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Top Asian News 4:22 a.m. GMT

November 18, 2021 GMT

China coast guard uses water cannon against Philippine boats

MANILA, Philippines (AP) — Chinese coast guard ships blocked and used water cannons on two Philippine supply boats heading to a disputed shoal occupied by Filipino marines in the South China Sea, provoking an angry protest to China and a warning from the Philippine government that its vessels are covered under a mutual defense treaty with the United States, Manila’s top diplomat said Thursday. Philippine Foreign Secretary Teodoro Locsin Jr. said no one was hurt in the incident in the disputed waters on Tuesday, but the two supply ships had to abort their mission to provide food supplies to Filipino forces occupying the Second Thomas Shoal, which lies off western Palawan province in the Philippines’ internationally recognized exclusive economic zone.

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China, US to ease restrictions on each other’s journalists

BEIJING (AP) — China and the U.S. have agreed to ease restrictions on each other’s journalists amid a slight relaxation of tensions between the two sides. The official China Daily newspaper on Wednesday said the agreement was reached ahead of Tuesday’s virtual summit between Chinese leader Xi Jinping and U.S. President Joe Biden. The agreement represents a degree of progress on an issue that has long aggravated relations, but details remain to be ironed out. COVID-19 travel restrictions and long-standing obstacles faced by foreign media within China are also factors standing in the way of a major breakthrough in media relations.

Schools close as smog-laden India capital considers lockdown

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NEW DELHI (AP) — Authorities closed schools indefinitely and shut down some coal-burning power plants Wednesday to reduce air pollution in India’s smog-shrouded capital and neighboring states, as the country weighs an unprecedented and more far-reaching step: a lockdown in New Delhi. The dirty-air crisis in the city of more than 20 million people has underscored India’s heavy dependence on coal, which accounts for 70% of the country’s power. The New Delhi state government said it is open to the idea of a weekend lockdown to reduce automobile traffic and potentially other air-polluting activity in the city, and it is awaiting the go-ahead from India’s Supreme Court.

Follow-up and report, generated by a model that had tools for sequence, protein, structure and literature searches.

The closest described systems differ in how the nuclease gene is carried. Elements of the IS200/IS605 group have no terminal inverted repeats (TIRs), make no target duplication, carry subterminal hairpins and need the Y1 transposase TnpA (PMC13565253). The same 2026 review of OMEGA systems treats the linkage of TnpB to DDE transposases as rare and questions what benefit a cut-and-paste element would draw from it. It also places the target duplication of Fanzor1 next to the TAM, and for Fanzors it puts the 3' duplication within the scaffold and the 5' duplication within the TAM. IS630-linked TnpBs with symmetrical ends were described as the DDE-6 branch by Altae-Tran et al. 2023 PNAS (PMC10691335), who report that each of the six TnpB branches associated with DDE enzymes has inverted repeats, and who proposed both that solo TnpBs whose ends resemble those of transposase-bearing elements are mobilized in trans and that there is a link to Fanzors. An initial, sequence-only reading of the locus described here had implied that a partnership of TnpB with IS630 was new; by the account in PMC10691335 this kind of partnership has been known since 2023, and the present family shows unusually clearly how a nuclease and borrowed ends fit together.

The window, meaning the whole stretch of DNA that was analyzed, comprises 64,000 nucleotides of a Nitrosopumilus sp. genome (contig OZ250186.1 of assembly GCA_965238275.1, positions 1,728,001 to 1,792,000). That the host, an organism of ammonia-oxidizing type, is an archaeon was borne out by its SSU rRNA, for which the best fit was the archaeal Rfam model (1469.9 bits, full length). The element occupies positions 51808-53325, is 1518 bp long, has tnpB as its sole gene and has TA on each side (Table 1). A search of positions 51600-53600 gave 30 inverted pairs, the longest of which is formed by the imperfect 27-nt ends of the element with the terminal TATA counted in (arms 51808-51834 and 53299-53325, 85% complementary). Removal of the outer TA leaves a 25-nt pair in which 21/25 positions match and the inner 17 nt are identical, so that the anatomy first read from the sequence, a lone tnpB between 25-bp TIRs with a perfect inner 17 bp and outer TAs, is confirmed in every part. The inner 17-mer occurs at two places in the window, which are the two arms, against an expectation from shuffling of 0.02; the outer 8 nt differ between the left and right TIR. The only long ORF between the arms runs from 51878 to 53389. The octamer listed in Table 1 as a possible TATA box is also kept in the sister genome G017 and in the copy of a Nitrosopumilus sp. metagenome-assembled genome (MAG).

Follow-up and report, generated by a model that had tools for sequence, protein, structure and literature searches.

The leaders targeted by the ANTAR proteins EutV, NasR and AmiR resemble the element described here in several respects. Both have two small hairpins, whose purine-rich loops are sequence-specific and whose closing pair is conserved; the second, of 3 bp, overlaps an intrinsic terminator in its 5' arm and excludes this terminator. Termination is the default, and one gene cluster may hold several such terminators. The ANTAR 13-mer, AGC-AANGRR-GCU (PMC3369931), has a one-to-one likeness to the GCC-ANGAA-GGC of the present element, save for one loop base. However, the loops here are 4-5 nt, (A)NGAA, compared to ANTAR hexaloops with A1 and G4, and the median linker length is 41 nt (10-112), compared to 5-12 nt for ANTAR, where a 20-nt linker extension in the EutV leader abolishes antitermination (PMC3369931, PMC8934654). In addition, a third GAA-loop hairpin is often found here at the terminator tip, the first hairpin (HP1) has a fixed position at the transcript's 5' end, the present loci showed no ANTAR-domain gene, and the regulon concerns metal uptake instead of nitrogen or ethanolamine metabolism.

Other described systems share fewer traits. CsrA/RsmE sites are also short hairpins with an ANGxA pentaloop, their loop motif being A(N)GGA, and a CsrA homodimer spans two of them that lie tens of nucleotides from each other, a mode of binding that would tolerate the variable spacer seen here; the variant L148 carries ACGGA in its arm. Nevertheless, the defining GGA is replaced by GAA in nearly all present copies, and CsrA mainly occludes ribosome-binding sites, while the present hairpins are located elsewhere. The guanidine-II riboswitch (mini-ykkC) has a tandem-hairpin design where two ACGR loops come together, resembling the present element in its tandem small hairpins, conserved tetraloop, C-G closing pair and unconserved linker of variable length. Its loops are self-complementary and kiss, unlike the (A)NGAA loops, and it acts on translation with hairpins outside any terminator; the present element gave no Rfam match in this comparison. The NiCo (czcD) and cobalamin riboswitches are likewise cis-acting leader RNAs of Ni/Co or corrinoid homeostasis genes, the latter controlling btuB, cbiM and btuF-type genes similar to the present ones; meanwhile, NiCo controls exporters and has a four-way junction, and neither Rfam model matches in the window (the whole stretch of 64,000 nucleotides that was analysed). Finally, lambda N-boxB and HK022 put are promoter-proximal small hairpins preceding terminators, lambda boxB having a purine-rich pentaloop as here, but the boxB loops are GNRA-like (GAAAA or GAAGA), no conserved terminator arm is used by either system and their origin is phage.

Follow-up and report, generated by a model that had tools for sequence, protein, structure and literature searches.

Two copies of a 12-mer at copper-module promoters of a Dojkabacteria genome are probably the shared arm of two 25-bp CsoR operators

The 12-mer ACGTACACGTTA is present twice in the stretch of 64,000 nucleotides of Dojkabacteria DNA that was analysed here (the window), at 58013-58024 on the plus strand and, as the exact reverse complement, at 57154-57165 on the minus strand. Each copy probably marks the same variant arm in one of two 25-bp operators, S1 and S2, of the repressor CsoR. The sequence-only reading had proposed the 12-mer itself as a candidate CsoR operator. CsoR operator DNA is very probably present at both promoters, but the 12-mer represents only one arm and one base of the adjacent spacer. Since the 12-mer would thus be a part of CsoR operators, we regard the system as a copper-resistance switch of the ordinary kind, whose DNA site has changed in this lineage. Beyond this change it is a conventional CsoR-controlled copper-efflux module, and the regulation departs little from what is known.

EXPLAINER: Why India has repeated air pollution problems

WASHINGTON (AP) — New Delhi struggles with pollution year-round, but the problem becomes acute during fall and winter months. On Wednesday, the concentration of tiny pollution particles was nearly 30 times above the level deemed safe over a 24-hour period by the World Health Organization. Around the world, researchers closely track levels of airborne particulate matter less than 2.5 microns in diameter — known as PM 2.5 — because it can lodge in the lungs and other organs, causing long-term health damage. In 2020, 13 of the 15 cities with the most polluted air were in India. In northern India, “the autumn spike in air pollution relates in part to the annual burning of crop residue in fields,” said Deborah Seligsohn, an Asia air pollution expert at Villanova University.

South Korea pushes booster shots as COVID-19 spread worsens

SEOUL, South Korea (AP) — South Korea on Wednesday reported 3,187 new cases of the coronavirus, nearly matching a one-day record set in September, a worrisome development in a country that eased social distancing rules in recent weeks to lessen the pandemic’s economic impact. The Korea Disease Control and Prevention Agency said more than 2,550 of the new cases came from the greater capital area, including a record 1,436 in Seoul. The country’s death toll is now 3,137, after 21 deaths were reported on Wednesday, the 16th consecutive day of double-digit fatalities, including a record 32 on Saturday. The delta-driven spread has raised questions about whether the country was too quick to ease pandemic restrictions at the start of November in what officials described as a first step toward restoring some pre-pandemic normalcy.